You see it every year at the Chamber of Commerce Expo. Several local banks set up nice tables, with polished representatives, talking about building partnerships with local businesses.
It's all very cordial, with a vibe that takes on an almost "mentor / mentee" feeling – you have goals for your business, and the bank can help you reach them, because they have the funds. But not to treat you like a number, they'll look you in the eye and shake your hand, touting help with that personal touch; "real solutions from real people" was a favorite bank tagline from the last expo we attended.
But behind the smiles and talk about partnership building, there's an ugly truth. It's not simply that it's really all about business (after all, we understand that most businesses - even the bank - exist to make a profit). It's deeper than that. The cold hard truth is this: when it comes to financing equipment, the bank is not your friend.
Keep Customers Coming Back
To fully explain this, we need to first establish the concept that repeat business is important.
For most companies, repeat business is typically accomplished with a combination of different strategies. The most obvious is to offer excellent service so clients come back. If you sell products or services, adding in some kind of buyer's club or frequent buyer's program is usually a good idea. Whether it's frequent flyer miles, hotel points, a member's discount club, or a punch card making your tenth sandwich free, giving someone an incentive to keep using you is good. And assuming your service remains satisfactory, these programs are usually effective.
This does pose a problem for banks, however. They can't really publically offer lower rates for "better" customers, and since money is, at its heart, a concept rather than a tangible product, it's difficult to attach loyalty to it. A bank can offer "better" service, but that boils down to speed and perhaps reduced paperwork, neither which are bank stalwarts.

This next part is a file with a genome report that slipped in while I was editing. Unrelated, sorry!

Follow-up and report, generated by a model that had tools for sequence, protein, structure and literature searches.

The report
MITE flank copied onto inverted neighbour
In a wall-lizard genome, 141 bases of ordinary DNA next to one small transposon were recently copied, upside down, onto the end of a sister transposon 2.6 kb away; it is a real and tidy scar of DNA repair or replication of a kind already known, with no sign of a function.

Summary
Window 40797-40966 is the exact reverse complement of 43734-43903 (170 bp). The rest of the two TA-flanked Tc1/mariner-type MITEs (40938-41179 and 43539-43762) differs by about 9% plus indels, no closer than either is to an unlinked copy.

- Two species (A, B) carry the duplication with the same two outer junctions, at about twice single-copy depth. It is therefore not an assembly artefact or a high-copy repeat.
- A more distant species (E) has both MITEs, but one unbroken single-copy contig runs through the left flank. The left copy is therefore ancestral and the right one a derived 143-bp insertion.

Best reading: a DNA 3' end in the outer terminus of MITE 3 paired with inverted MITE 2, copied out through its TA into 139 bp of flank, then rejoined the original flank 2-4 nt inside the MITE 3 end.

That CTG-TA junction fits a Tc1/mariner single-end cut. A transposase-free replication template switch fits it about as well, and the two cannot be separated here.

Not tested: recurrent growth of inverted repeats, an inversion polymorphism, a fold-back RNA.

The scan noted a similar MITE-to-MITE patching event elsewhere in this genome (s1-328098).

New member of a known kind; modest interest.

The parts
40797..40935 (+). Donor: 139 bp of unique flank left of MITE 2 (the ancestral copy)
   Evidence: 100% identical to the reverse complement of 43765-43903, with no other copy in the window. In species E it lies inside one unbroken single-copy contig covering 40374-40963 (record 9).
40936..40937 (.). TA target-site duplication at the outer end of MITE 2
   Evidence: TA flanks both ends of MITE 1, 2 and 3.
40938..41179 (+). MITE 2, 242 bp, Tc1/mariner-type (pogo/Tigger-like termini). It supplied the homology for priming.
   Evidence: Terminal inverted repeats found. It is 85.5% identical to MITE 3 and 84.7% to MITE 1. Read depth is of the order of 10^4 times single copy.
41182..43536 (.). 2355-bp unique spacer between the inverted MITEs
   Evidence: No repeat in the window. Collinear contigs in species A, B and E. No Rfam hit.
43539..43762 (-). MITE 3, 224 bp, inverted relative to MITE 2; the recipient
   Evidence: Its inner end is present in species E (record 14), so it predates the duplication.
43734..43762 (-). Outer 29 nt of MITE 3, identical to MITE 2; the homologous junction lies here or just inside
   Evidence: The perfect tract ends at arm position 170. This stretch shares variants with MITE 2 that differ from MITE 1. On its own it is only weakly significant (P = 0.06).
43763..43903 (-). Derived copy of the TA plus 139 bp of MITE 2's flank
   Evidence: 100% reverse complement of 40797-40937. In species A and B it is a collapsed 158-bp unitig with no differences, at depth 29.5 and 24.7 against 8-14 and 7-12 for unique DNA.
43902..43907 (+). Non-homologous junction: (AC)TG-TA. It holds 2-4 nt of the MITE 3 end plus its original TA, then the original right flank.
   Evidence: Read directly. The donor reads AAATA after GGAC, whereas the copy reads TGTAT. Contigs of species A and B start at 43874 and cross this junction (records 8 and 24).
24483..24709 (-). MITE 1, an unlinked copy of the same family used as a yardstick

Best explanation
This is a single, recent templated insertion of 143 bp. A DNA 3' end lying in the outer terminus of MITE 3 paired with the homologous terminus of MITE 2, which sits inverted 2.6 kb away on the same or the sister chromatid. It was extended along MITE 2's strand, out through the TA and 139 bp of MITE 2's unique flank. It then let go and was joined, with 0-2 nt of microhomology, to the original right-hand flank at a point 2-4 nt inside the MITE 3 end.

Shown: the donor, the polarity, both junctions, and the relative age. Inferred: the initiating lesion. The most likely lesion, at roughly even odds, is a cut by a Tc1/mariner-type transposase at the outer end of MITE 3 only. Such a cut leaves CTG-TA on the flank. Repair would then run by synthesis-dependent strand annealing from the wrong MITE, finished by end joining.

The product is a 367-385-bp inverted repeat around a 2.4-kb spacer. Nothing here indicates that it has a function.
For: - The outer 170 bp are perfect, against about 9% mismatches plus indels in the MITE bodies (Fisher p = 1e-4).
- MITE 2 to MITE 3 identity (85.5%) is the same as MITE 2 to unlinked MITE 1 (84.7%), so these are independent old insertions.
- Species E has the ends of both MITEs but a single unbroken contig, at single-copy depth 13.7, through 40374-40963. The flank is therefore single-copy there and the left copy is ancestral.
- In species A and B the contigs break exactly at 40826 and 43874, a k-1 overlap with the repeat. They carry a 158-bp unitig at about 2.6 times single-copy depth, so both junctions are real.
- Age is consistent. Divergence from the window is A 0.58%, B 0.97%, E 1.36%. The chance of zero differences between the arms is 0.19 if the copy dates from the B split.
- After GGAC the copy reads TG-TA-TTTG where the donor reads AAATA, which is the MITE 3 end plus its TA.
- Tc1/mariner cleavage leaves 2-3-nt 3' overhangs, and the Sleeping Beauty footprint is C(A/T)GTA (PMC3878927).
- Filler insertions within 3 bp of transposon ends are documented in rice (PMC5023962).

With Friends Like This…
Thus, a bank will seek to encourage repeat business by force. But they won't tell you this (remember, they want to be your friend). But getting a loan from the bank is akin to befriending someone who expects you to socialize with just them every weekend. It's fine in the beginning, then it starts getting creepy, and eventually downright oppressive.
Let's assume you are buying a piece of equipment. To make this industry-neutral, it's a widget (a big one). You go to your "friends" at the bank to finance the equipment. They will happily lend you the money. In a few days, they'll have a contract that you sign, and then a check arrives. However, within that contract are the following covenants (note, these are common in almost all bank loans).
• A Blanket Lien – This is a clause in almost every bank loan contract that gives the bank ownership (via a lien) over everything in your business. While it's common for a lender to put a lien on the equipment you are buying as collateral, putting a lien on everything else seems a bit (ok, a LOT) much. So if you buy the widget and next year you want to trade in a truck, guess what? You can't without the bank giving you the ok. Even if the truck in question has nothing to do with the bank, the widget, or anything else. This goes for every piece of equipment in your business, and could really cripple your plans later on down the road.